Many sites anticipate these problems by forming an Incident Response Team. These sites close as many vulnerabilities as they can, continually scan logs for evidence of attempted break-ins, and monitor news like the CERT advisories to make sure they benefit from others experience.

When and if they are attacked, the members of the Incident Response Team have the authority and the responsibility to stop the attack and close the security hole. Not incidentally, they serve as the point of contact between the site-owning organization and law enforcement agencies.

Why Form an Incident Response Team?

In his excellent paper, "Forming an Incident Response Team," Danny Smith lists eight reasons to have an Incident Response Team:

IRTs can be formed at the national, corporate, and local levels. The size of the constituency is in part a function of the value of the assets to be protected. A bank may decide to have an IRT for their online services department. A general merchandise vendor can share an IRT with other merchants on their host.

Newly formed IRTs must announce their presence and their mission to their constituency. They can expect lackluster response at best. Many system administrators find it so hard to keep their sites running that they can scarcely imagine keeping their sites secure.

To identify constituent sites, Smith recommends asking each site to register and name a 24-hour contact to be called in case of an emergency. The 24-hour contact may or may not be the same as the "registered site security contact," who is the recipient or security information, including warnings of break-in attempts and notices of security holes.

For obvious reasons, the name of the 24-hour contact must be independently verified. The contact must have the authority to make decisions or to call in key decision-makers regardless of the time of day. The 24-hour contact is often a technically minded person in the organization's security office.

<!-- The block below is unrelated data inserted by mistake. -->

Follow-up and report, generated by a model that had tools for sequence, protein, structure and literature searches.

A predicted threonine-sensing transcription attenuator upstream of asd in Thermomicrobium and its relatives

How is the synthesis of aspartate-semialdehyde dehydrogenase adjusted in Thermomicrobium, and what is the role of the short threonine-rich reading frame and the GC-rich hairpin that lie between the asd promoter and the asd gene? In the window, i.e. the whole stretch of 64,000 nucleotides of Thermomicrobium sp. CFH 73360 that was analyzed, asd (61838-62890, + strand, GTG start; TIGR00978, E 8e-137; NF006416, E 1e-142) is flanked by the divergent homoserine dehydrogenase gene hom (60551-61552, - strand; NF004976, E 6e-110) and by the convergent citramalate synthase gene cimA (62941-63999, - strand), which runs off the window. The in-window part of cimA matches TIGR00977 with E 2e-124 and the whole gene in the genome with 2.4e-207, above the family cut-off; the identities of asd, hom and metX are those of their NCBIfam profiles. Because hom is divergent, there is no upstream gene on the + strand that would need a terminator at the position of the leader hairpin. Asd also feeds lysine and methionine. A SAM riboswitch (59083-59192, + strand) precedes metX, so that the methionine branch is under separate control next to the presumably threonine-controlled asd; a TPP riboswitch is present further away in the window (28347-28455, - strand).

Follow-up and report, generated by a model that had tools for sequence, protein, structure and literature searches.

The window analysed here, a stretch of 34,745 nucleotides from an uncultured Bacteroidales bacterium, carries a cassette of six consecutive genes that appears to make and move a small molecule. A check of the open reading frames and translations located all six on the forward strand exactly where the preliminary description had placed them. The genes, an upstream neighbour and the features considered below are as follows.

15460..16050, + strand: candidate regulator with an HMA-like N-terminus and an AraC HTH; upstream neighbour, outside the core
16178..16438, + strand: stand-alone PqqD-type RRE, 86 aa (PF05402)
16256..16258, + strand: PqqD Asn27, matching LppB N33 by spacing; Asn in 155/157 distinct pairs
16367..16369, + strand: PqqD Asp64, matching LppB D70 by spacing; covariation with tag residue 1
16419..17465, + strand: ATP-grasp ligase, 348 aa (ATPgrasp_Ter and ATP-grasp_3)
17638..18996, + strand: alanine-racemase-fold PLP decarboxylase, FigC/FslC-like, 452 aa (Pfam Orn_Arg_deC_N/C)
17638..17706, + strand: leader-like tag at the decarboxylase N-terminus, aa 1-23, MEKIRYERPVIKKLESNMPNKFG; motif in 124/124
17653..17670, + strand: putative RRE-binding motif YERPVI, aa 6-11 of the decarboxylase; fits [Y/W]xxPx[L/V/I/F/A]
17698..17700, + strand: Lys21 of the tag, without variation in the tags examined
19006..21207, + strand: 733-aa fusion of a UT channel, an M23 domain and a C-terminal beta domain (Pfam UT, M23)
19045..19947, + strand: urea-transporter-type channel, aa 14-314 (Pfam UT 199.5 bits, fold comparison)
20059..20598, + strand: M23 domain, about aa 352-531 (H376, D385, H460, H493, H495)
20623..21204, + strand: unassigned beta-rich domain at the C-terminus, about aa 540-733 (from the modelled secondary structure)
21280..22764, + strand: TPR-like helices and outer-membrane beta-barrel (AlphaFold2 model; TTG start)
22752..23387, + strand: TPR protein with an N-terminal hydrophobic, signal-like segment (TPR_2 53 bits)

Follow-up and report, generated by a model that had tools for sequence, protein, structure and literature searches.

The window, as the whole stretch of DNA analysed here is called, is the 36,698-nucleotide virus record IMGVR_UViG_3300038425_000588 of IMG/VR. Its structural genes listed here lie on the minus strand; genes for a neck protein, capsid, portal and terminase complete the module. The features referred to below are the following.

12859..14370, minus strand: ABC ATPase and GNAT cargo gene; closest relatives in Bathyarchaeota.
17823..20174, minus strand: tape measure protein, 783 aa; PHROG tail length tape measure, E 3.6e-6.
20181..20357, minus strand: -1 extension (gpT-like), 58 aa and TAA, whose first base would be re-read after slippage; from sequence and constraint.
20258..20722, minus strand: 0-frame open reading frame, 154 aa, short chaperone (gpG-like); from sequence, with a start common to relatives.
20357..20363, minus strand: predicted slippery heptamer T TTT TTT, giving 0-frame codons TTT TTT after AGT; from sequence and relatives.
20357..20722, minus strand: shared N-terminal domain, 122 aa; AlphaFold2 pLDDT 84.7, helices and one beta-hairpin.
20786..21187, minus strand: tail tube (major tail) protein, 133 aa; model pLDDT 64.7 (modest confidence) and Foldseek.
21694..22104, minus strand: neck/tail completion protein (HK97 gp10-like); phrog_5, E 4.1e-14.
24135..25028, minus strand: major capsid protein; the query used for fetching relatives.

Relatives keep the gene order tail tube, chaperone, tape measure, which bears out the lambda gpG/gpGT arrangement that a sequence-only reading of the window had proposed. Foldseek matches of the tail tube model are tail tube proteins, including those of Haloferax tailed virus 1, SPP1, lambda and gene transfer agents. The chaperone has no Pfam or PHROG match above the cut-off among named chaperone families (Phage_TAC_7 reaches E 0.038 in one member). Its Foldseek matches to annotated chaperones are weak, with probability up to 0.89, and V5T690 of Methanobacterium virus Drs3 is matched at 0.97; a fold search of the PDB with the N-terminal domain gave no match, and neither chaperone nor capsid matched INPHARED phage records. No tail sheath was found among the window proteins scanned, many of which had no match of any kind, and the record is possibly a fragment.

During an investigation, the IRT may have to communicate information about a site's name and configuration to other sites. It is best to get permission to do this ahead of time so that no time is lost when pursuing an attacker.

(For a real-life account of pursuing a cracker in real-time, see Cliff Stoll's Cuckoo's Egg, or Bill Cheswick's "An Evening with Berferd In Which A Cracker Is Lured, Endured, and Studied," available at

Before any incident, the IRT must work out a secure means of communications with the site. If the site has been compromised, it may have disconnected from the Net.

The IRT may have to communicate with a different machine (by encrypted e-mail) or resort to phone or fax. The IRT should also anticipate that an oebercracker may issue false advisories in the name of the IRT to force open a security hole.

Smith has specific recommendations about the size and staffing of the IRT. His experience at Austrailia's SERT leads him to conclude that one full-time staff member can handle about one new incident per day, with 20 open incidents.

He also provides specific guidance relating to budget, policies, and training. His paper is exceptionally complete and is a must- read for anyone setting up an IRT. It also serves as a good beginning for a complete operations manual for such a team.